Waters is cutting 70 employees from its staff as part of a restructuring and resource reallocation plan begun last month that will help support the firm's growth in Asia, a Waters official said this week.
The "cost reduction and expense-reallocation" plan, revealed in a 10-K filing this week with the US Securities Exchange Commission, primarily effects Waters' operations in the US and Europe. The moves will free up resources that will be allocated to the firm's rapidly growing operations in Asia, according to Gene Cassis, Waters' vice president for investor relations.
The layoffs, which represent roughly 1.6 percent of the firm's global staff of 4,500, are expected to be completed by the end of the third quarter. Approximately 47 percent of Waters' total workforce is located in the US, according to the 10-K.
The job cuts mostly affect the firm's European operations, Cassis told BioCommerce Week. "We've moved from a country-based structure to a regional-based structure," he said. "It's something we've been thinking about doing ever since there became a common currency in Western Europe.
"A lot of the functions we had were duplicated in each country, and administratively we could do it much more effectively by creating regions within Europe and having administrative functions within those regions," said Cassis.
"A lot of the functions we had were duplicated in each country, and administratively we could do it much more effectively by creating regions within Europe and having administrative functions within those regions."
Waters said in the filing that it expects to take a one-time restructuring charge of $5 million to $7 million related to the plan in 2006.
"The company is implementing this cost reduction plan primarily to realign its operating costs with business opportunities around the world," Waters said in the filing.
Part of the realignment includes closure of the firm's sales, distribution, and demonstration center in Etten-Leur, the Netherlands. The firm has not disclosed how many employees at that location are affected by the closure.
Following the layoffs, Waters' employee count will still exceed its total of roughly 4,300 at the end of 2004. In that year the firm implemented a similar restructuring plan that also cut 70 positions.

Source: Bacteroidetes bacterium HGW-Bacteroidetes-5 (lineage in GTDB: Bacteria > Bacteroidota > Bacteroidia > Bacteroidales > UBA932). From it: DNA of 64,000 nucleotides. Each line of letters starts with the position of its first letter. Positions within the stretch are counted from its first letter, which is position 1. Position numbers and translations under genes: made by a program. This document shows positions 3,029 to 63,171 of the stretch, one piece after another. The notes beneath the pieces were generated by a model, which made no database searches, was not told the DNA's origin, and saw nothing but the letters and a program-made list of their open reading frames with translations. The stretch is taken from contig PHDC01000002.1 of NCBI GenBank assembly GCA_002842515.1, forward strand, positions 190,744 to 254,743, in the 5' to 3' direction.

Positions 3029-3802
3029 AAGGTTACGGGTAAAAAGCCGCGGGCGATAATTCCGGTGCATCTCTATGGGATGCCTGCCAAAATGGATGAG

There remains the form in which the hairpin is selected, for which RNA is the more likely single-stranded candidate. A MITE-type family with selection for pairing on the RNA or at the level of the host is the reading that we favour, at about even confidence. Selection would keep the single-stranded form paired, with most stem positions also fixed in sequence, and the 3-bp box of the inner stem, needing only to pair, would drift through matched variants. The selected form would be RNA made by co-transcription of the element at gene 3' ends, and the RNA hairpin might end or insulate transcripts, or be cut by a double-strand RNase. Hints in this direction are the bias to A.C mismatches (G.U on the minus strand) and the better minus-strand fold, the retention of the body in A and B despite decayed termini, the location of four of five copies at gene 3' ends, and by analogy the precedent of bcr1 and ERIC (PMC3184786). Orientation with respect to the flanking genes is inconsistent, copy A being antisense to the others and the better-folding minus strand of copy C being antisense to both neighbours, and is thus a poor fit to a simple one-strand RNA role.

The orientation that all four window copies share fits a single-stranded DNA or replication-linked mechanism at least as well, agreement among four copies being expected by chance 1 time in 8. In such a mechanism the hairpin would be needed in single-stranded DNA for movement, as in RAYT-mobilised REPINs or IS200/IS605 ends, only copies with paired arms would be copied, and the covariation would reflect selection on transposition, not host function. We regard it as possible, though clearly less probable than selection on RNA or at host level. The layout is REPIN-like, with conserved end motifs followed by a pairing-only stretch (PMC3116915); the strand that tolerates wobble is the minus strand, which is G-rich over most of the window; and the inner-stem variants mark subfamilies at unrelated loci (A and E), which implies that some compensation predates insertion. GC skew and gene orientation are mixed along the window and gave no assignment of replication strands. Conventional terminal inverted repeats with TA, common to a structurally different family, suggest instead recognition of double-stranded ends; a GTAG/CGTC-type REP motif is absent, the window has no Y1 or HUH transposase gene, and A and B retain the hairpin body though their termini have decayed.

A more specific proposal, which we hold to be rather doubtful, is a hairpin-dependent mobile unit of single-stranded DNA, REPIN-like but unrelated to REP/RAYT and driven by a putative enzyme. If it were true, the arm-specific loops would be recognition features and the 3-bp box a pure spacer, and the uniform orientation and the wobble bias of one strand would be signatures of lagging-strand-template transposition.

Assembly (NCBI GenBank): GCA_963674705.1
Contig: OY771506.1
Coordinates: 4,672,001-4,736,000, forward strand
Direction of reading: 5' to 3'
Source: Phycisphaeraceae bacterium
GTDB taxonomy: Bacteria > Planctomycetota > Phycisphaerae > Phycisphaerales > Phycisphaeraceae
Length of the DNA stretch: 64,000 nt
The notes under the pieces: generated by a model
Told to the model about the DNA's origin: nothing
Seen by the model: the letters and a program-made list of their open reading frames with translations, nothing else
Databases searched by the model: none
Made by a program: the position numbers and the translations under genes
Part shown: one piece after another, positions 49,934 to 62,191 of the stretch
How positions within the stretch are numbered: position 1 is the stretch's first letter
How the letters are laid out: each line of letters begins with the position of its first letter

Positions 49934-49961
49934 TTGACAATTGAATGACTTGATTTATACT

Waters officials hinted during the firm's fourth-quarter conference call in January that layoffs and spending changes could be on the horizon. They said the company would invest more in its Asia operations and cut expenses elsewhere, but at the time did not provide details of the cost-cutting plans (see BioCommerce Week 1/25/2006).
"There will likely be one-time costs associated with these actions that are not included in our current earnings projections," said Ornell during the call. "These activities will take place over the next few quarters and could result in a one-time charge of $5 million to $9 million later this year."
The layoffs follow a difficult year for Waters in which it issued two warnings that quarterly revenue would not meet previous guidance. The firm is hoping its Acquity UPLC system will drive sales in 2006, and Waters officials have said that they expect continued strong growth in the Asian market, where the firm plans to expand this year.
Waters is in the process of building its business in the emerging Asia market, where it expects to realize double-digit growth in 2006. As the firm has ramped up production of its Acquity UPLC instruments, it has moved some manufacturing of its Alliance systems to Singapore.
Cassis said the expense reallocation is not part of the firm's shift of manufacturing to Singapore, but it would free up resources that could be applied to its operations in Asia. "The manufacturing going to Singapore did free up resources in our headquarters here [in Massachusetts] to build Acquity," he said. "We just physically couldn't build Alliance and Acquity at this facility."
Cassis said Waters' SG&A costs are still going to go up in 2006 as it adds staff in Asia. "We have to shift more resources for sales, support, and service to our businesses in India and China," he said.
Though Waters failed to meet its revenue targets twice during 2005, the firm finished the year with profit growth of 9 percent to $78.2 million even though fourth-quarter sales grew at a sluggish 3 percent year over year to $332 million.
Edward Winnick ([email protected])